Former Michigan guard Manny Harris starts his NBA career Wednesday with the Cleveland Cavaliers
Byron Scott pulled Manny Harris aside after a practice last week. The Cleveland Cavaliers head coach had seen enough of the undrafted rookie from Michigan to deliver the news.
There wasn’t an official meeting, but the message was clear. Manny Harris, you made the team.
“It felt good but, at the same time, I know it’s one step in what I’m trying to do,” Harris said. “I would never get complacent or settle for just making it. It feels good, but I still know that there’s a lot more I want to do here to be a better player.”
After calling his mother, Merrick Harris-Carter, he went right back to doing what he did to make the NBA team in the first place. He worked.
Harris wasn't selected in June’s two-round NBA Draft, a scenario he was prepared for. Harris said his agent, Henry Thomas, discussed that possibility with him. Part of the reason was he hadn’t been able to show what he could do.
He injured his ankle and couldn’t participate in the NBA’s pre-draft camp in Chicago. Then, after the draft, he couldn’t play on Cleveland’s summer league roster, but earned a training camp invite.
The theme goes back further.
Harris said Monday that his hamstring, which he injured before the start of Michigan’s 2009-10 season, was never fully healthy throughout last year. He still led the Wolverines in scoring at 18.1 points a game, but the injury consistently nagged him.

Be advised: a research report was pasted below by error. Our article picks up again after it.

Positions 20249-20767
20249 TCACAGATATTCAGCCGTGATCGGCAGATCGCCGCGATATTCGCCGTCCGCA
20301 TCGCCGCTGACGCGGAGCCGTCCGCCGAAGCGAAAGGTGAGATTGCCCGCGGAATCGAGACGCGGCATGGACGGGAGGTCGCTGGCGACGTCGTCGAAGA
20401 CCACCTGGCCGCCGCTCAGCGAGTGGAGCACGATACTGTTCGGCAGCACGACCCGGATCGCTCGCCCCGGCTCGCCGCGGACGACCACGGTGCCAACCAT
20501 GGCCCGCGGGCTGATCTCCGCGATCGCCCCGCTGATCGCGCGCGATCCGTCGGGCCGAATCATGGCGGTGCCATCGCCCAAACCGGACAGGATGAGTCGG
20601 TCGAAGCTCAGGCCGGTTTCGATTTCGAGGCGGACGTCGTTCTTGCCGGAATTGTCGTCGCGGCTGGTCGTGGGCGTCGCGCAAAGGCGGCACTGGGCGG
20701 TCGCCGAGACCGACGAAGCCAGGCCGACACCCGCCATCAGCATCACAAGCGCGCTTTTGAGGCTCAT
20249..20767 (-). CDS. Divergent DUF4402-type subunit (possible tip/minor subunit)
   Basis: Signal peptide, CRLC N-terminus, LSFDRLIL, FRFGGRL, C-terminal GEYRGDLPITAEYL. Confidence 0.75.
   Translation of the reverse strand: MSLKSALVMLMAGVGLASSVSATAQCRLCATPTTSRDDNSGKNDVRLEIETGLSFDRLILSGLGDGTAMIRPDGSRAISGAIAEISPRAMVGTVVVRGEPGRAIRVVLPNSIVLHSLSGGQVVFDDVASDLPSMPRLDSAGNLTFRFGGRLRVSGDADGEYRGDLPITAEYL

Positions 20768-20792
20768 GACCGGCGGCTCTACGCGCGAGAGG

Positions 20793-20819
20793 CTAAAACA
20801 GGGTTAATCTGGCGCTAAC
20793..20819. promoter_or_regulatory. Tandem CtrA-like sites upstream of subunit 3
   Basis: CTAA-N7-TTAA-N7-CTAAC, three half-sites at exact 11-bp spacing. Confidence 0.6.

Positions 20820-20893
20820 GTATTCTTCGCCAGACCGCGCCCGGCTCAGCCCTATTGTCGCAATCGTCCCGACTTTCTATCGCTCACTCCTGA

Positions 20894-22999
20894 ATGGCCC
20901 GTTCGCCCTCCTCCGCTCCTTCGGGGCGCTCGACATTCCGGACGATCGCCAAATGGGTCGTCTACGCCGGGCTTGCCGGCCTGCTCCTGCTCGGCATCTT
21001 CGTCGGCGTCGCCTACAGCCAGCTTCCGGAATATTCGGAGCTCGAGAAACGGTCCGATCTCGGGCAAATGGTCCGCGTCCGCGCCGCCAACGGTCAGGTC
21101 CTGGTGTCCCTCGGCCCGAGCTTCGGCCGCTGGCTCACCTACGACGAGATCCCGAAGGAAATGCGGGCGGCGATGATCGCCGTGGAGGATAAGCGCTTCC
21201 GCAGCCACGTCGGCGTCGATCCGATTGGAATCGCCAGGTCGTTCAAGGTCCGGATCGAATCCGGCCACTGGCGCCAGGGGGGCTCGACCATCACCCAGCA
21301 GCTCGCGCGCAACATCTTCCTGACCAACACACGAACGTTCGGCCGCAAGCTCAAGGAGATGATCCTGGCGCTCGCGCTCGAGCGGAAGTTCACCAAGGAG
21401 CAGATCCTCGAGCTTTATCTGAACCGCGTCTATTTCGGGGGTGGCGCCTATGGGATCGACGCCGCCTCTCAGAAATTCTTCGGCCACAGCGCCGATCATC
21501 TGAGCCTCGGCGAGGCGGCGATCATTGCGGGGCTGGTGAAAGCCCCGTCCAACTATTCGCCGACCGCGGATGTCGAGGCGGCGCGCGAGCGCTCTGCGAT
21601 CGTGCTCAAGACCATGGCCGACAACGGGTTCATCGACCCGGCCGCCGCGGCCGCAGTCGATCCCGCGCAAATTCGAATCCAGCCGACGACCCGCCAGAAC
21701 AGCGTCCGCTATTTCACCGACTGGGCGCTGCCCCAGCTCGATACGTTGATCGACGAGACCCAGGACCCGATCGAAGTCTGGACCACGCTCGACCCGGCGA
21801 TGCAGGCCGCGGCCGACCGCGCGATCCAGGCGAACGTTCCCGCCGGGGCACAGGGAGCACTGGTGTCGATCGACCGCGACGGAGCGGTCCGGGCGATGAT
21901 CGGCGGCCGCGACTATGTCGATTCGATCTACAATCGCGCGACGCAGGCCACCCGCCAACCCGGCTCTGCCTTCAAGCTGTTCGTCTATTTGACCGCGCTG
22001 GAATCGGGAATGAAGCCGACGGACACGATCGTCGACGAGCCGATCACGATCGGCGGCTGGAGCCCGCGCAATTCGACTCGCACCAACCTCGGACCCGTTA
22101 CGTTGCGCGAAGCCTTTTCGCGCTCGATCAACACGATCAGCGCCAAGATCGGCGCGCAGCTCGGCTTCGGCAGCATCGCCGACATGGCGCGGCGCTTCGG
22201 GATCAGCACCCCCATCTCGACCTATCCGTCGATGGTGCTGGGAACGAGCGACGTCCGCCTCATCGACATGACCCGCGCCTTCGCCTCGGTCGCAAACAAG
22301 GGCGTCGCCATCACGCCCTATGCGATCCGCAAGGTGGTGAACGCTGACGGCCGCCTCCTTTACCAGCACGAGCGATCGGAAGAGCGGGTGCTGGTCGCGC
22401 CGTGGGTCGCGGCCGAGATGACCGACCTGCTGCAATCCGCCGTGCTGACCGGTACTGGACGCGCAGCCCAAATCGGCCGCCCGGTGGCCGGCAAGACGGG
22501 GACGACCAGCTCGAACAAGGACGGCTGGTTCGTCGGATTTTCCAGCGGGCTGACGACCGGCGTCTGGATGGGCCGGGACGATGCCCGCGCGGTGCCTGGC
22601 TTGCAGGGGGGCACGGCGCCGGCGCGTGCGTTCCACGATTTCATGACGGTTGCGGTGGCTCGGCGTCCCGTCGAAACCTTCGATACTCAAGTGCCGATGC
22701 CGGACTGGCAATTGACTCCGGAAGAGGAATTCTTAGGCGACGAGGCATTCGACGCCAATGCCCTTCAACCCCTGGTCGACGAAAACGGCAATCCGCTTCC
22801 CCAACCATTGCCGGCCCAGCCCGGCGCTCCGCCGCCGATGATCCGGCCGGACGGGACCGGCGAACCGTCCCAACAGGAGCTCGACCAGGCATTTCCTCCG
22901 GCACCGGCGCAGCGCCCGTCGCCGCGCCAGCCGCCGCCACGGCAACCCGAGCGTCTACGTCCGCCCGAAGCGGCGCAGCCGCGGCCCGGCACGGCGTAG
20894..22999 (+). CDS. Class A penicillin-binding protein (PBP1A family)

He said he continued to play out of loyalty to his teammates.
“Last year, I knew how I was feeling and I was doing it more for our team,” Harris said. “There were times I knew I should probably just have sat down for a game or two. It would have helped me more to just sit down and not play a few games, but for the team, I felt it was better to be out there looking to win. I stayed on the floor.
“But the way my hamstring felt last year, especially in the beginning part of it, was awful.”
Once healthy and in the Cavaliers' camp, Harris' game -- the same one that impressed NBA coaches and scouts at the LeBron James and Paul Pierce camps before his junior year at Michigan -- began to re-emerge.
His goal during camp was to be first in everything in order to make an impression and to stick in the NBA.
“Even if it was just a running drill, I wanted to be first in the running drills,” Harris said. “I really focused on defending and not letting my man score. I took pride in that a lot.
“There were so many different things. Just tried to show a little bit of everything in my game, rebounding, getting assists, showing them I can score.”
Harris averaged 8.5 points, 3.3 rebounds, 2.2 assists and a steal during Cleveland’s preseason, including shooting 57.1 percent from the 3-point line. Then, when Cleveland waived Danny Green, Harris looked like he might make the opening day roster.
So when the Cavaliers open their season on Wednesday, he isn’t sure what is going to happen. All he knows is one thing: he’ll be in Quicken Loans Arena as a member of an NBA team playing the Boston Celtics.
“First game of my NBA career,” Harris said. “I don’t know what will happen. I don’t know if I’ll dress, I don’t know if I’ll be in a suit, I don’t know anything at all.
“So all I can do is control every day, just getting better.”
It’s the attitude that landed Harris on the roster in the first place.